State amendments: from health reform to tax relief
Voters will pass judgment on a series of dense-sounding constitutional amendments. Here’s what you need to know.
10/28/2012 12:00 AM
11/02/2012 2:13 PM
A synopsis of the proposed constitutional amendments on the Nov. 6 ballot. The amendments must receive at least 60 percent of the vote to pass.
There is no Amendment 7
AMENDMENT 1, HEALTHCARE SERVICES
THE AMENDMENT: This amendment is aimed at prohibiting the government from directly or indirectly compelling employers to buy or provide healthcare coverage for their employees. It also makes clear in the constitution that people may pay healthcare providers directly for care — and don’t have to have insurance, and can’t be forced to pay a penalty or tax for paying out of pocket for healthcare.
CONTEXT: Opponents say the proposal would have no effect at nullifying its intended target, the federal healthcare individual mandate, because of the supremacy of federal law over state law. Backers say it would prevent future attempts to put similar healthcare requirements on residents.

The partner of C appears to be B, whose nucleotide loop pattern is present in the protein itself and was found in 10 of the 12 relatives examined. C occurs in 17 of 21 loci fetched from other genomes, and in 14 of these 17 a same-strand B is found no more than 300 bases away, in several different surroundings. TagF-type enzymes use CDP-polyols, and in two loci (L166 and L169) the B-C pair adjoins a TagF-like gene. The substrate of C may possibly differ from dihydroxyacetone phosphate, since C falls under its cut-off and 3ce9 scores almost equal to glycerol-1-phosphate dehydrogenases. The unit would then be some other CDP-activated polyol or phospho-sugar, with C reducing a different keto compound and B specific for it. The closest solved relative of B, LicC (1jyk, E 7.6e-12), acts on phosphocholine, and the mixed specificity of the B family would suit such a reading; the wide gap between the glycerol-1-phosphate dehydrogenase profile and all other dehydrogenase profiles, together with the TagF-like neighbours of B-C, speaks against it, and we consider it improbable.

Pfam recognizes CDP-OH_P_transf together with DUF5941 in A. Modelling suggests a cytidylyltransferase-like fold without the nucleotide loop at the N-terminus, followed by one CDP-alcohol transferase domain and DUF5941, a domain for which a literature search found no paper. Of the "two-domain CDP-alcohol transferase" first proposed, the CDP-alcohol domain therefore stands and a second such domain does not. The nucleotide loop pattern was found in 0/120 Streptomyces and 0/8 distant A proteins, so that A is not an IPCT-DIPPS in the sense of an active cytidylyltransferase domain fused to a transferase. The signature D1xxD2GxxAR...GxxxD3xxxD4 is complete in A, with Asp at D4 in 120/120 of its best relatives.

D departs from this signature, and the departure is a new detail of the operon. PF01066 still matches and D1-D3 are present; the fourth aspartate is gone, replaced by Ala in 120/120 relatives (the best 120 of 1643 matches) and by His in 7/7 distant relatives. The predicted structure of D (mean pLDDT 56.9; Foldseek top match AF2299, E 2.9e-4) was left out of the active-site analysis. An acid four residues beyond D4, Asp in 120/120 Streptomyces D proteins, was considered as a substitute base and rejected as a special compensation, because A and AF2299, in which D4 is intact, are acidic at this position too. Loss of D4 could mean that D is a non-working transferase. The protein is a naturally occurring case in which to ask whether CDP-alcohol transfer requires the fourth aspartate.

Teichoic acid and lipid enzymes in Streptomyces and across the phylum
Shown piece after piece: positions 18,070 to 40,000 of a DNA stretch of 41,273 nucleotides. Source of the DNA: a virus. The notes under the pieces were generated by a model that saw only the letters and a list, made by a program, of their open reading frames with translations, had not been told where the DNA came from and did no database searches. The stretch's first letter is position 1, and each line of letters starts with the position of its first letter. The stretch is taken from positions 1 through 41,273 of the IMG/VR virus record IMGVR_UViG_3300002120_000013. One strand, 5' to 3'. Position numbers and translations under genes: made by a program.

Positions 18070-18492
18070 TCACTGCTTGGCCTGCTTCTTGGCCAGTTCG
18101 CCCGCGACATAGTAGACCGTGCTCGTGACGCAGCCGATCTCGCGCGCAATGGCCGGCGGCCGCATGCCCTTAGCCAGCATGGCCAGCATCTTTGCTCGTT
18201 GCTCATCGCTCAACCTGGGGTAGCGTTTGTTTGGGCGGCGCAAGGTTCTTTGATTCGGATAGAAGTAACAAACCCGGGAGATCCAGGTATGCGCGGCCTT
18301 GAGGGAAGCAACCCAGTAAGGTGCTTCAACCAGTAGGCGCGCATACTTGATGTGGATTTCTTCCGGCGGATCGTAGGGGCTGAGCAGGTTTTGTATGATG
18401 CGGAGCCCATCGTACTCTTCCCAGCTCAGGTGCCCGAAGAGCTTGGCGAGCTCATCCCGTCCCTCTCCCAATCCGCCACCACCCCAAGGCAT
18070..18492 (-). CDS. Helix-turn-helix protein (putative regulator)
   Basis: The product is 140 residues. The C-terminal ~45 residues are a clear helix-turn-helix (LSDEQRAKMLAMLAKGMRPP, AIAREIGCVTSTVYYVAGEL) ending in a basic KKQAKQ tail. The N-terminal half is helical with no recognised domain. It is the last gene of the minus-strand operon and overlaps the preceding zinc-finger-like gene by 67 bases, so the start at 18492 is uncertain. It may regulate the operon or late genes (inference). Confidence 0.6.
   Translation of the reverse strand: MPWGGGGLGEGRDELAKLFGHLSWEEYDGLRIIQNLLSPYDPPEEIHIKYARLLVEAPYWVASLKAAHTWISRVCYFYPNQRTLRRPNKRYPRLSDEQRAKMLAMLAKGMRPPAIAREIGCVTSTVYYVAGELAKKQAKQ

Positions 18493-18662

AMENDMENT 2: HOMESTEAD EXEMPTION FOR VETERANS
THE AMENDMENT: The proposal would provide an additional homestead exemption to wounded veterans who were not residents of the state when they entered military service. The proposal would exempt from taxation a property’s value between $50,000 and $75,000.
CONTEXT: Florida law already provides an additional homestead exemption to military personnel disabled while in combat. The amendment simply expands the exemption to disabled veterans who may have been residents of other states when the disability occurred but who now reside in Florida.
AMENDMENT 3: REVENUE LIMITATION
THE AMENDMENT: Proposed Amendment 3 would replace the existing state revenue cap, which is based on personal income growth in Florida, with a new one based on inflation and population changes. If the state were to collect more in taxes than the formula allows, it would have to be put into a reserve fund, and not spent, and at some point would have to be used for reducing local property taxes for schools or returned to taxpayers. The cap could be raised only with a super majority vote in the Legislature.